This shoot can help conserve environment, generate jobs

Panel chief stresses need to tap immense potential of Burma bamboo

 Chairman of Devaraja Urs Bidiru Vana Committee A C Lakshmana said, with 10 million hectares of forests in India and 4.5 lakh hectares of forests in Karnataka, bamboo can bring financial gains, generate employment and help conserve the environment, if the wisdom of experienced people in bamboo is utilised properly.

After distributing the first consignment of free bamboo to professional Medars under the Tribal Sub Plan (TSP) from the Forest department, under Hunsur division, at Periyapatna, recently, he said, the committee has decided to train the people of Kodagu to tap Burma bamboo shoots for use as vegetable and pickle. “Today Kodagu has sufficient Burma bamboo, supporting the farmers financially, as well as the Medars by providing raw materials. The committee is sending the first batch of 30 Medars to be trained in the Northeastern states for two weeks,” he said.

“Forest species are dynamic and are used for different uses at different times. There is bright future for bamboo in the next 50 years as fodder for wild animals, food for humans, moderator of environment, carbon sink and purifier of water as activated carbon,” said Lakshmana.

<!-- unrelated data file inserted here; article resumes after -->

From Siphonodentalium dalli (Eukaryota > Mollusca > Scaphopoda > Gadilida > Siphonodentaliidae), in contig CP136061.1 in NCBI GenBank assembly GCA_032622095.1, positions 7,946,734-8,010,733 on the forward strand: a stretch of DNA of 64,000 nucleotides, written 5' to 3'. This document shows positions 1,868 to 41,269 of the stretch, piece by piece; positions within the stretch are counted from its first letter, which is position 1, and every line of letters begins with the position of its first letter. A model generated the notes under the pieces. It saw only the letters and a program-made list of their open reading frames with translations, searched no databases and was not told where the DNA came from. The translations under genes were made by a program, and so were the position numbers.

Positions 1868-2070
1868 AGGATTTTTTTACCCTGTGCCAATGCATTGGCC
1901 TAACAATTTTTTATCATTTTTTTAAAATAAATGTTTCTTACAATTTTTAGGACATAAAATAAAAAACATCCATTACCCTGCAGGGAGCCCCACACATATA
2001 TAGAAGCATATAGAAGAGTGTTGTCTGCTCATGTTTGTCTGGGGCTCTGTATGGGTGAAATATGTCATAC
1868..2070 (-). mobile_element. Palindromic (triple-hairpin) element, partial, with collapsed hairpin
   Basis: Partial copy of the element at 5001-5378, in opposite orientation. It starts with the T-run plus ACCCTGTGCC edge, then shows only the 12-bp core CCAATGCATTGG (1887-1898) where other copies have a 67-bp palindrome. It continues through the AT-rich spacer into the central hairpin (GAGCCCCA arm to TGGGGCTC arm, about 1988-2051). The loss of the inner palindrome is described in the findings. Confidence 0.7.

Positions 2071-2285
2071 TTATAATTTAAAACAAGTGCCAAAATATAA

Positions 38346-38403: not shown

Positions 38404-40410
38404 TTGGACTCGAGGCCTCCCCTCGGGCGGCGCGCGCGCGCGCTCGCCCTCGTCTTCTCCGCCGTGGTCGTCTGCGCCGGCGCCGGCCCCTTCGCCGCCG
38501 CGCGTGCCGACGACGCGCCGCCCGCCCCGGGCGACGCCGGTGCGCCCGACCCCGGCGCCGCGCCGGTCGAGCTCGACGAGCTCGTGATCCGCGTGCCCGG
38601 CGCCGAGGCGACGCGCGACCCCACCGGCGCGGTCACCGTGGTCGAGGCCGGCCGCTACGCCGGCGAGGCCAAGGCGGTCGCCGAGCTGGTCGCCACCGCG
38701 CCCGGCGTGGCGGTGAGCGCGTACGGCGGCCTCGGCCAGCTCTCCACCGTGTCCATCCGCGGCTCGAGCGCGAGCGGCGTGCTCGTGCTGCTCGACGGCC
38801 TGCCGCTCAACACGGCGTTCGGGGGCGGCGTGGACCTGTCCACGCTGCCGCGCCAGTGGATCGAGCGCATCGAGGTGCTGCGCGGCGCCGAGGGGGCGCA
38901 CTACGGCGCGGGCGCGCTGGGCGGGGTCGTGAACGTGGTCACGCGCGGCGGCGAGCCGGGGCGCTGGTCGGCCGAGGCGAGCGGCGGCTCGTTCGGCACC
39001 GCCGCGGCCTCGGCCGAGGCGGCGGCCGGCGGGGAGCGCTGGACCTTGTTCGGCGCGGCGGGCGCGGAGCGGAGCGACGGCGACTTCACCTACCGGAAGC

Centenary

Explaining about the history of Burma bamboo (Dendrocalamus brandisii), which is named after the first Inspector General of Forests in India Sir Dietrich Brandis, of Polish origin, around the 1850s, Lakshmana said, this bamboo has a chequered history since its introduction to Makuta range of forests in Kodagu district in 1916.

“It was introduced to Kodagu with the objective of using it as a raft for floating Gerjan and Poon timbers to Arabian Sea, via Barpole River. From Kozhikode port, the timber was exported to the shipping yards in England to be used as ship masts. Later, with the development of roads, there was no need to transport timber through Barpole River by rafts. So, Burma Bamboo, lay neglected on a two acre plot in the forest,” he said.

When I visited Kodagu in 1961, as a student of the Indian Forest College, I had seen this plot. When I was posted to Kodagu in 1973, I was fascinated by this thornless gentle giant and did some studies to multiply and raise a plantation,” Lakshmana said.

“Due to the dedicated efforts of G K Ganapathy, the then RFO of Makuta, we were able to multiply and raise plantations. Next year we had enough to distribute to farmers and estate owners. But they were reluctant to plant it on their lands for fear of its spreading,” he added.

I announced that if they want Balanji, silver oak, etc saplings from our nursery, they must plant Burma bamboo on their lands. The drive picked up and extended up to 1977. Later, other officers continued the drive and important among them were DFOs Kalappa and Appanna,” Lakshmana said.

RFO Girish, Medar leaders Raju, Devaraju, Akhshay Kumar and Puttamma were present.


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